Liver transplantation is among the very few areas of medicine where the provision of a potentially life-saving treatment is routinely withheld or rationed. In almost every other corner of American healthcare, physicians are limited only by the subjective equations of risk vs. benefit, likelihood of litigation and the presence of insurance coverage. As a profession we can, and do, spend health care dollars like sailors on shore leave. Cost and utility are the Voldemorts of our health care delivery system. We dare not speak their name. Except, that is, unless we are talking about solid organ transplantation. In our field, utility is king, crowned by an ever-present organ shortage. If outcomes for a particular indication are poorer than average, we may stop offering liver transplantation in that setting. This has occurred in recent memory for liver failure secondary to hepatitis B. We even withhold liver transplantation if we perceive that there may be an element of choice in potential recurrence of liver disease that might adversely affect outcomes. We regularly deny access to liver transplantation to patients with less than 6 months of documented sobriety, even though allograft failure due to alcoholic injury is a rarity, for example. In contrast, in the case of liver transplantation for hepatitis C virus (HCV), in which recurrence is inevitable and may lead to allograft failure, transplantation is routinely offered. So long as outcomes, and thus utility, are acceptable, we find room on the list. (Although, based on the large number of patients who undergo liver transplantation with model for end-stage liver disease scores <15, the tipping point at which the risk of dying from the procedure of liver transplantation begins to be less than the risk of dying without liver transplantation,1 a survival advantage is not a universal prerequisite for liver transplantation.) In this milieu, the assertion that liver transplantation for a particular indication is associated with relatively poor outcomes is bound to raise eyebrows and may even send third-party payers reaching for their purse strings. If the assertion is true, we should consider whether it is wise to continue to perform liver transplantation in this setting. If the assertion is false, we need to say so and to state the reasons for our disbelief. Which brings us to the article by Pelletier et al. in this issue of Liver Transplantation.2 Pelletier et al. report the results of a retrospective analysis of a cohort of liver transplant recipients who underwent retransplantation between January 1997 and December 2002, identified in the Scientific Registry of Transplant Recipients (United Network for Organ Sharing [UNOS]) database. The authors used Cox regression analysis to assess the relative effect of HCV on mortality risk after retransplantation. The scale of the study is certainly impressive with 27% (n = 464) of 1,718 liver retransplantations during the study period, “being associated with a diagnosis of HCV infection.” The principal finding was that HCV infection has a “31% higher covariate-adjusted mortality risk” when compared to recipients without HCV infection (hazard ratio, 1.31; 95% confidence interval, 1.11–1.55; P = 0.002). Additional regression analysis revealed that the increase in mortality risk associated with HCV was concentrated between 3 and 24 months post-retransplantation. Younger age predicted a higher mortality for recipients with HCV undergoing retransplantation.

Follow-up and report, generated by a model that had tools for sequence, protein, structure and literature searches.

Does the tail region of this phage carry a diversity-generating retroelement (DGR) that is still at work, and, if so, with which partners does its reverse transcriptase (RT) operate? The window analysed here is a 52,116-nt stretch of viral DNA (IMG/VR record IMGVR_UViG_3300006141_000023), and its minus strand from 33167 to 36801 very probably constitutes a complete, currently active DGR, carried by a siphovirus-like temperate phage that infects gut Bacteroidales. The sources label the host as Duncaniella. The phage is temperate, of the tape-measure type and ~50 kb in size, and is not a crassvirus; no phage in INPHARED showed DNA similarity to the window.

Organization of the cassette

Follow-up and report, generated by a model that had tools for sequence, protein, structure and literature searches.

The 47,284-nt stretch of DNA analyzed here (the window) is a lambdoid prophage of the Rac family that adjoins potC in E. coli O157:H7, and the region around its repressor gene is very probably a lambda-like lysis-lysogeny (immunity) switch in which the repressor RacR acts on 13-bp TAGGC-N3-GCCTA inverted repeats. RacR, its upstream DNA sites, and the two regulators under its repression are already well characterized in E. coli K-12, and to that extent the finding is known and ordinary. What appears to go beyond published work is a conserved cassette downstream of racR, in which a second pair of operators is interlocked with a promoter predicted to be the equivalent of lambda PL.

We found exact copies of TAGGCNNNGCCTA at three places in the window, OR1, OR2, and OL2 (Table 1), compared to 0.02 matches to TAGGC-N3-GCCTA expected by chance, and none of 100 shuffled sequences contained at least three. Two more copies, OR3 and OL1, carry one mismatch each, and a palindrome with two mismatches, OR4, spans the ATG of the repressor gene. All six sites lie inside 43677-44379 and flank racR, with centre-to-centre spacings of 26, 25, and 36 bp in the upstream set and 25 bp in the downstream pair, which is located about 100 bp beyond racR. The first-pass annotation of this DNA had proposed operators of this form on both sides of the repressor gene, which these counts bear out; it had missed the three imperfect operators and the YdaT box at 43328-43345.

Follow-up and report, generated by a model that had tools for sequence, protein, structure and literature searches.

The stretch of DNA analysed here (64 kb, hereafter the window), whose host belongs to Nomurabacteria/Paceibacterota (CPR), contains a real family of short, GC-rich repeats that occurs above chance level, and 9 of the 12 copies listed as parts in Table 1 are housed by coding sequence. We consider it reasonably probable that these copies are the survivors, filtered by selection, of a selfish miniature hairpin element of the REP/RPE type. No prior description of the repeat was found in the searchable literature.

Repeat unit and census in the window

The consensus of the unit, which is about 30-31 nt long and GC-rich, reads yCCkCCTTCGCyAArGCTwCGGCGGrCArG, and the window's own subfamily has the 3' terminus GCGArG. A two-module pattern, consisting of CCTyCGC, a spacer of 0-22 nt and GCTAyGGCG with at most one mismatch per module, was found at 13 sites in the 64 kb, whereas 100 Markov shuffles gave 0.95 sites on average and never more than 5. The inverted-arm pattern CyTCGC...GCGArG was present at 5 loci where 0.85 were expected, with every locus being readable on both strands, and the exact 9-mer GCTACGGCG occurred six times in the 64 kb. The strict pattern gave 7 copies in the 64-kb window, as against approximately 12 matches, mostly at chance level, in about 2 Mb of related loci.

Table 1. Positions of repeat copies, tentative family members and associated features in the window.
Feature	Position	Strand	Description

At face value, given the poor outcomes associated with retransplantation and Pelletier et al.'s finding of a >30% additional risk associated with HCV infection, we should consider closing the HCV retransplantation shop. Indeed, some centers already do not offer retransplantation for recipients with allograft failure secondary to recurrence of HCV infection. Upon close inspection, however, there may be less to the report by Pelletier et al. than meets the eye. Indications for retransplantation are diverse. Recipients with hepatic artery thrombosis and recipients with hepatitis B virus infection or autoimmune liver disease recurrence, conditions for which we generally have good therapies, are indications for retransplantation that are likely to be quite different physiologically to patients with long-term ischemic type biliary strictures or recurrence of HCV. A recent UNOS database analysis of retransplantation found that patients undergoing retransplantation for recurrence of HCV do significantly less well, in terms of patient and graft survival, than patients undergoing retransplantation whose primary liver disease was hepatitis B virus or autoimmune.3 There was, however, no significant survival difference between retransplant recipients with HCV and any other group. Similarly, a European analysis of retransplantation outcomes (n = 139, including 38 patients with HCV infection) did not find HCV status to be predictive of post-retransplant outcomes.4 Unfortunately, the study by Pelletier et al. does not provide outcome comparisons between retransplant recipients with HCV and specific other liver diseases. But inherent differences between cohorts of recipients undergoing retransplantation may be of relatively less importance than degree of sickness at the time of transplantation. The degree of sickness, as measured by model for end-stage liver disease score, at the time of retransplantation is predictive of patient and graft survival (concordance = 0.78–0.80).3, 5 In another UNOS database analysis of retransplantation by Rosen et al.,6 UNOS status, creatinine, and bilirubin were found to be predictive of post-retransplant survival. The study by Rosen et al.6 is widely perceived as also finding that HCV serostatus is predictive of post-retransplantation survival. What the authors of this study actually found was “although both hepatitis C seropositivity and donor age were significant by univariate and multivariate analyses, neither contributed independently to the estimation of prognosis when added to the final model.” In other words, HCV serostatus could not add to the predictivity of degree of sickness (creatinine, bilirubin, and UNOS status). The central difficulty in interpreting the article by Pelletier et al. is thus not that the conclusions are wrong, but rather that the question is. The question we need to ask is not, “How well do patients undergoing retransplantation for recurrence of HCV do when compared to patients without HCV infection?”, but, “How well do patients with HCV do compared to recipients with other etiologies of disease but who are otherwise similar?” Would an HCV-infected patient with a model for end-stage liver disease score of 34 undergoing retransplantation be likely to do better or worse than someone undergoing retransplantation for ductopenic rejection or recurrence of primary sclerosing cholangitis who also has a model for end-stage liver disease score of 34? So far as we can tell, the answer to that question appears to be a resounding “probably not.” The conventional wisdom is increasingly that retransplantation for recurrence of HCV is of relatively poor utility. When it comes to liver transplantation, however, the journey from conventional wisdom to fallacy can be a short one. The concepts that outcomes are less good in recent years for recipients with HCV infection (probably debunked by 2 multicenter, multinational database studies and a large single center analysis7–9) and an association of mycophenolate mofetil and more severe recurrence of HCV (convincingly refuted by analyses of the UNOS database and a clutch of randomized controlled trials10, 11) are 2 recent examples. Conclusions are always database dependent. When it comes to simple questions, the UNOS dataset is hard to beat. For complex questions concerning the impact of variables on posttransplant outcomes (primary or retransplant) the UNOS dataset is less reliable—too much data are simply missing. For this reason, the results from the study by Pelletier et al. are akin to looking into a crystal ball that has been dropped onto a hard floor. We see something, but the image may be too distorted by our viewing device for the image to be given meaning. We shouldn't plan our future based on what we see.